At previous tournaments, FIFA paid total prize money to the national associations, but for the 2023 Women's World Cup it was set to award prize payments directly to players as well as the associations. This came as a result of reports in the women's game that a number of national associations were withholding competition prize money from players and/or not paying them at all.
In March 2023, global player union FIFPRO sent a letter signed by players from around the world to FIFA, challenging FIFA to make prize money in the men's and women's tournaments equal and to ensure at least 30% of prize money in the women's tournament made it to the players. While FIFA did not match the prize money of the men's tournament, it has publicly declared that it wants to see equal World Cup prize money by 2027.
Just before the tournament, FIFA president Gianni Infantino announced that the player payments would still be paid to the associations, and that FIFA planned to audit the associations to make sure the money got to the players. Football administrator Lise Klaveness expressed concern over what she felt sounded like reneging on the promise, both for the players and for FIFA's credibility. During the tournament, Infantino admitted that FIFA had simply made recommendations to associations on how much to pay players, and ultimately did not have oversight.
Never Say Die
In Australia, the 2023 Women's World Cup had a profound influence on national culture. The Matildas' motto “never say die’ was a fight of perseverance not only seen in the way they played on the field, but also in all of the things they achieved off of it, i.e., collective bargaining agreements and equal pay.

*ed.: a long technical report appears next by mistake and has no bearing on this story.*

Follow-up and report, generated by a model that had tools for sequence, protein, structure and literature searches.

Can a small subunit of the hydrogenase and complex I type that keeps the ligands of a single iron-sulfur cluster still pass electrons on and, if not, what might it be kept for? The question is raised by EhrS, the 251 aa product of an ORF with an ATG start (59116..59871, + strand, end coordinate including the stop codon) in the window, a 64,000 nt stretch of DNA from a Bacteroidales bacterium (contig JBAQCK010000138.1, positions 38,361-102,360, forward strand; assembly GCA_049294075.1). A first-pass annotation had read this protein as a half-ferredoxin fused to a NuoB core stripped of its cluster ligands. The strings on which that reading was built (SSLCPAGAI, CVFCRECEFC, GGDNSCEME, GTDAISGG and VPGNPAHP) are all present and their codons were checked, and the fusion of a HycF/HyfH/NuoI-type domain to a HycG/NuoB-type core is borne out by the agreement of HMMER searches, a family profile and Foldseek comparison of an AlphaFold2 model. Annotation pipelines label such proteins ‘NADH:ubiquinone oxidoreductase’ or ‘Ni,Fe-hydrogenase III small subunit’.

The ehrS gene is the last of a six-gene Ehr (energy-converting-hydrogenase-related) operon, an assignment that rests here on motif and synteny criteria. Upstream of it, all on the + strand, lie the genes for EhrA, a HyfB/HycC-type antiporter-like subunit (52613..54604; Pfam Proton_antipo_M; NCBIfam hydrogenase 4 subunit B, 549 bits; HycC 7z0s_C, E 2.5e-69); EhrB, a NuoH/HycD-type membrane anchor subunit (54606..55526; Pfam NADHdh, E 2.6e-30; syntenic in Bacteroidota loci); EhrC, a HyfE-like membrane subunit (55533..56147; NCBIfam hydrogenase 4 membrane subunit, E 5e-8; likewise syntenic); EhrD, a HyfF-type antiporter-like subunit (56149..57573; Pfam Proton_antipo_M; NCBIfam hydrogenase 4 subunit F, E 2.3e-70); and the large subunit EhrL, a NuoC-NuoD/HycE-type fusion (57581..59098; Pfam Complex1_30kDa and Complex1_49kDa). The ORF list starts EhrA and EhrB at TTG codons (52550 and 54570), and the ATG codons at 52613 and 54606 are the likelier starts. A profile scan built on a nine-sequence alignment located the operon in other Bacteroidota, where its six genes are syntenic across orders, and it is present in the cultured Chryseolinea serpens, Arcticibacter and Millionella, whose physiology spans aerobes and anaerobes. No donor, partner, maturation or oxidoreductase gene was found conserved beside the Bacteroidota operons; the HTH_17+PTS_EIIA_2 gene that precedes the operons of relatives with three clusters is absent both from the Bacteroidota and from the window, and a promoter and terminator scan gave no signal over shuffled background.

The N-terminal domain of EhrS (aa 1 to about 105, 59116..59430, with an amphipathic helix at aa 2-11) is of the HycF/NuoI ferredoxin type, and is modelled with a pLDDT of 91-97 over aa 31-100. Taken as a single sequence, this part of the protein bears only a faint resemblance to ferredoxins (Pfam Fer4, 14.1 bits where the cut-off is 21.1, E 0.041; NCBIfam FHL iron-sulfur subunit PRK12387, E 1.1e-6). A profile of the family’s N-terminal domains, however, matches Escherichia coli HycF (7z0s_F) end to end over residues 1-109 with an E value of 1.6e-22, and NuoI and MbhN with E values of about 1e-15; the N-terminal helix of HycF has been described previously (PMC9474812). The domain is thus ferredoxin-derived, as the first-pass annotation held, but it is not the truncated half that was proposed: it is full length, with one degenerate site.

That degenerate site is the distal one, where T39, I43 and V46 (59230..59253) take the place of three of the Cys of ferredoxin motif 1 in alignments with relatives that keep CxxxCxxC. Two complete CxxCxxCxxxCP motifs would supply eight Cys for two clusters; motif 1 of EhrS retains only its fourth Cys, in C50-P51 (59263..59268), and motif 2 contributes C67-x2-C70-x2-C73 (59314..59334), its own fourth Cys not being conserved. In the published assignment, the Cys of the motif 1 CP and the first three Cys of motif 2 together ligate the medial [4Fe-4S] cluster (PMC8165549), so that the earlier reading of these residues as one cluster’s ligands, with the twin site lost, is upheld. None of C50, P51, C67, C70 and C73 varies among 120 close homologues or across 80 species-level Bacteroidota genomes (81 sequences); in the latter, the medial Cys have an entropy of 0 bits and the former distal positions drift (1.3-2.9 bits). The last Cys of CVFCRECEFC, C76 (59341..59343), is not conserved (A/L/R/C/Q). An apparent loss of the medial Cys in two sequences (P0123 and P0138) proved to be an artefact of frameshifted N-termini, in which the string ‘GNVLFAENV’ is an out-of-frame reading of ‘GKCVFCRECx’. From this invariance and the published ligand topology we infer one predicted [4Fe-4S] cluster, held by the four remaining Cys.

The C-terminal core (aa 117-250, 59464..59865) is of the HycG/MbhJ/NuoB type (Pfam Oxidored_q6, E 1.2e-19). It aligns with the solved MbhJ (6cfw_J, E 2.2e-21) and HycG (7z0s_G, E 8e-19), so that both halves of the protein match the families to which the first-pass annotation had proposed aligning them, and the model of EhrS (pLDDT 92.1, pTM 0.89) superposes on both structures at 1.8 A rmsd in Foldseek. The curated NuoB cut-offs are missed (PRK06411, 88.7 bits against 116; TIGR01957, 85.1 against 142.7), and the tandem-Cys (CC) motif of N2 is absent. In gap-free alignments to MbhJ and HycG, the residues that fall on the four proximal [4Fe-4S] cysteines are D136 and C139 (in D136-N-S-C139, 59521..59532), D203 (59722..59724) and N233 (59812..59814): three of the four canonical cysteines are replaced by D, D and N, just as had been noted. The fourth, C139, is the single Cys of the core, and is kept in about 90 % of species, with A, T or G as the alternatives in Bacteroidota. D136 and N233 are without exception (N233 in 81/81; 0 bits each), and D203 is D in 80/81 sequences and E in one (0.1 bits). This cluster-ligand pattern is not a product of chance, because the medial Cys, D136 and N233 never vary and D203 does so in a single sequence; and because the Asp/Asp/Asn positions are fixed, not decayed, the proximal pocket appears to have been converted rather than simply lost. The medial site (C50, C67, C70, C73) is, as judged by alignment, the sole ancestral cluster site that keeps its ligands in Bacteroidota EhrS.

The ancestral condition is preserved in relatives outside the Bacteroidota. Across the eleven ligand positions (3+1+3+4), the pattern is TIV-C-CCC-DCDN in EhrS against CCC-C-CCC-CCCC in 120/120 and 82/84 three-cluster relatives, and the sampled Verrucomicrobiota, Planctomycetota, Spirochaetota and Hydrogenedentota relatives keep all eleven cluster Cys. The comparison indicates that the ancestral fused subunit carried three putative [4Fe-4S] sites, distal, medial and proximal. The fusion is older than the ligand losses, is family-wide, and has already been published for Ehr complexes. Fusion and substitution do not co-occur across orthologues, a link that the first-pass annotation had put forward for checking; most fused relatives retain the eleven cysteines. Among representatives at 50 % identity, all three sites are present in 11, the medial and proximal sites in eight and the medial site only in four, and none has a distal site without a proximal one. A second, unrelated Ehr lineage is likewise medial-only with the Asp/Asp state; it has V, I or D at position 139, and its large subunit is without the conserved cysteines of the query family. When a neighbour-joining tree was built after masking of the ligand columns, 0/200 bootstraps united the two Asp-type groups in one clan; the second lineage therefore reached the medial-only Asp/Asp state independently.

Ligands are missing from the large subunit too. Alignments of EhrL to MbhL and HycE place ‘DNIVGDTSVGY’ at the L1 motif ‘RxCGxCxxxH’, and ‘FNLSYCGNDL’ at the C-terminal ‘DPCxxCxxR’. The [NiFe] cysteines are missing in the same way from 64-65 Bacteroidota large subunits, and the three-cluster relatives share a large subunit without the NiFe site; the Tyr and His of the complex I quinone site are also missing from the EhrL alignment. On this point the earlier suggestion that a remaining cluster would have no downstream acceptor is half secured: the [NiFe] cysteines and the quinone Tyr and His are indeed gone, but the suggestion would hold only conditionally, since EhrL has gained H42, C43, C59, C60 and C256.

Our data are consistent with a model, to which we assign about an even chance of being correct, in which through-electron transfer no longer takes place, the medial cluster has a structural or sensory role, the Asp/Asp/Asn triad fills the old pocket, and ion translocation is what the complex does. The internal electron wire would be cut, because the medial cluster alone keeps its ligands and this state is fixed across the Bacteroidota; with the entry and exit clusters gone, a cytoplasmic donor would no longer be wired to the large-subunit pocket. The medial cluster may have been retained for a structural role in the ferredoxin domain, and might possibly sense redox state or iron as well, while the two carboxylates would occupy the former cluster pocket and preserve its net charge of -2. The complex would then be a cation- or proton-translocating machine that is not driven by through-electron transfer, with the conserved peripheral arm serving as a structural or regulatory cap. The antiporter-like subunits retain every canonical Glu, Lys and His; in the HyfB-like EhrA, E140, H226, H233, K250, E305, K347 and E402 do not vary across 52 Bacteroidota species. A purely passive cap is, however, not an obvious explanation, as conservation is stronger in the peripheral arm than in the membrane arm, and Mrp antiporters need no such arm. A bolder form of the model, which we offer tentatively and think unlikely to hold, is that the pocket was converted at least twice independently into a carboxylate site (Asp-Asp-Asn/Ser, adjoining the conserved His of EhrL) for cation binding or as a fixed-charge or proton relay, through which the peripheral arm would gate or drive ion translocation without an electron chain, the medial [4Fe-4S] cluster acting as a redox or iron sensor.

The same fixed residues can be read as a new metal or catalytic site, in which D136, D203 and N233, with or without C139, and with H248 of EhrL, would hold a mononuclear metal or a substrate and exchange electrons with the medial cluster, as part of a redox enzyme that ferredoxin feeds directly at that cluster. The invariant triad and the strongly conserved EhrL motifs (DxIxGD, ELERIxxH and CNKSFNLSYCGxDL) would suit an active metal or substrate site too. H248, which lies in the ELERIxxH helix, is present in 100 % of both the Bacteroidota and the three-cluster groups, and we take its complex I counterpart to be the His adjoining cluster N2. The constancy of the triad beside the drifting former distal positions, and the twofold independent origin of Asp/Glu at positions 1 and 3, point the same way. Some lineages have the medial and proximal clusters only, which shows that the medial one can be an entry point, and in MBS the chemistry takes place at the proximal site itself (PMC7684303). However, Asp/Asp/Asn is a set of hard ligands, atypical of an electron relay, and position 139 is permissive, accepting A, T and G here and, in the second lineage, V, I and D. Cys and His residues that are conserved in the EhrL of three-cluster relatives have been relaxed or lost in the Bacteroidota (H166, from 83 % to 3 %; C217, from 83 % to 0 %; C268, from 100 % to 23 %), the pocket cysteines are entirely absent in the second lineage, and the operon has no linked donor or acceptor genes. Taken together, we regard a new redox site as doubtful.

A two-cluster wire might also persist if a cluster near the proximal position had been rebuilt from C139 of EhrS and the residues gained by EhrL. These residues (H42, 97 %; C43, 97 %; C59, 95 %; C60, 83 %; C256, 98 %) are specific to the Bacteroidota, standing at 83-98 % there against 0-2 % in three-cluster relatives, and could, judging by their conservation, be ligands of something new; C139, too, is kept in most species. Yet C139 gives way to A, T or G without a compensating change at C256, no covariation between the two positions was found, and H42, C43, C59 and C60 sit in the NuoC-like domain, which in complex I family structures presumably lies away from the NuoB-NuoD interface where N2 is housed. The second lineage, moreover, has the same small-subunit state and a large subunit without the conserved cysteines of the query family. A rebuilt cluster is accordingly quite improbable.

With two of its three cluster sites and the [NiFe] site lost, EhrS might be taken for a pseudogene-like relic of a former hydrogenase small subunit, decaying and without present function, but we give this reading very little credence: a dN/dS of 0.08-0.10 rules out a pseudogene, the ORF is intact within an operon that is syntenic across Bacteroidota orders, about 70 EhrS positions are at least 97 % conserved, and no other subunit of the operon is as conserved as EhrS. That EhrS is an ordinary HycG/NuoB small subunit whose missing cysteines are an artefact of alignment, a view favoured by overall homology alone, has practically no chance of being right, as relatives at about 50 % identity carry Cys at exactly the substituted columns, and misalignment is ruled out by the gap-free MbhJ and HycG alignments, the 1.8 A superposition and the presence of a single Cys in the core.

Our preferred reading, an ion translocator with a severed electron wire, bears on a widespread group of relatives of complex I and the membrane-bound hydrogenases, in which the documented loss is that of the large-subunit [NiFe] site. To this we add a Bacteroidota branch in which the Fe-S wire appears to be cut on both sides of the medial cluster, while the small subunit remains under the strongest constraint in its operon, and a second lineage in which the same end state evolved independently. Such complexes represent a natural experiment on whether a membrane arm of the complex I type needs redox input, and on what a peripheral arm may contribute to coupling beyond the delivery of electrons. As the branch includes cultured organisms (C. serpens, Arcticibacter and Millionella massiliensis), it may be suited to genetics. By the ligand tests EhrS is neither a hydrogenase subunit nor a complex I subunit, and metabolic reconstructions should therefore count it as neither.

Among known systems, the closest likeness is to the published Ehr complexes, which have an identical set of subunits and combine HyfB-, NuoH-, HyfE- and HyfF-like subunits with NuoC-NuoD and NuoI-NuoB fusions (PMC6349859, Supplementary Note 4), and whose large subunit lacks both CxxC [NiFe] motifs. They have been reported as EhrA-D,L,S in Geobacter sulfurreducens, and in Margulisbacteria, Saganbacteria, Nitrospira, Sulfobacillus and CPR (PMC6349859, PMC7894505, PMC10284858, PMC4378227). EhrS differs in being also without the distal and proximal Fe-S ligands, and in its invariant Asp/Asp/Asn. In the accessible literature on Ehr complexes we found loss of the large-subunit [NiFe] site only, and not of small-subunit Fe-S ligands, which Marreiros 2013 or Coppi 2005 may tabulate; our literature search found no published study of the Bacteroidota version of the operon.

For the first time, more kits representing the Australian women’s team (Matildas) were sold than for the national men's team (the Socceroos), and by the end of the tournament Matildas’ brand had increased fivefold, making them Australia’s most valuable sporting team. Former professional soccer player Craig Foster writes: "We are not so much watching a national team compete, as a changing nation at play.” Citing the Matildas' performance for "overturning misconceptions of women’s sport” the Australian government pledged $200 million to improve women's sporting facilities.
Now is All
If Gender Equality is measured by access to resources and opportunities in the economy then game, set and match Matilda. Whats it’s not and never has or will be is men and women, boys and girls, marginalizing one another simply to live their dream, realize their destiny, and own the moment. The 2022 Men's World Cup motto "Now is All" reminds us that more than two dozen FIFA officials and their associates were implicated in a 24-year self-enrichment scheme that reached the highest levels of FIFA management, including and climaxing in the games in Qatar.
Spain’s acting prime minister, Pedro Sánchez, offers perspective, "Rubiales’ attempt to apologize is unconvincing, and he must continue taking further steps to be held accountable."
Two billion people around the world tuned in to watch Spain shred England’s left side and force turnover after turnover after turnover when only 1.5 billion showed up for the men's game.
The financial objective is an additional $330 million in 2027, and to level-set the prize money in the men and women's game. It's FIFA's professed goal; gender equality's endgame; and possibly even the future of coed professional sports.
Emancipating mixed doubles from professional volleyball, badminton, and tennis courts onto competitive level playing fields in the Big Four is very simply an idea whose day and time has come. If the highly decorated Haley Carter and Pat Tillman can fight alongside one another in Iraq, they probably could've held their own on a football field.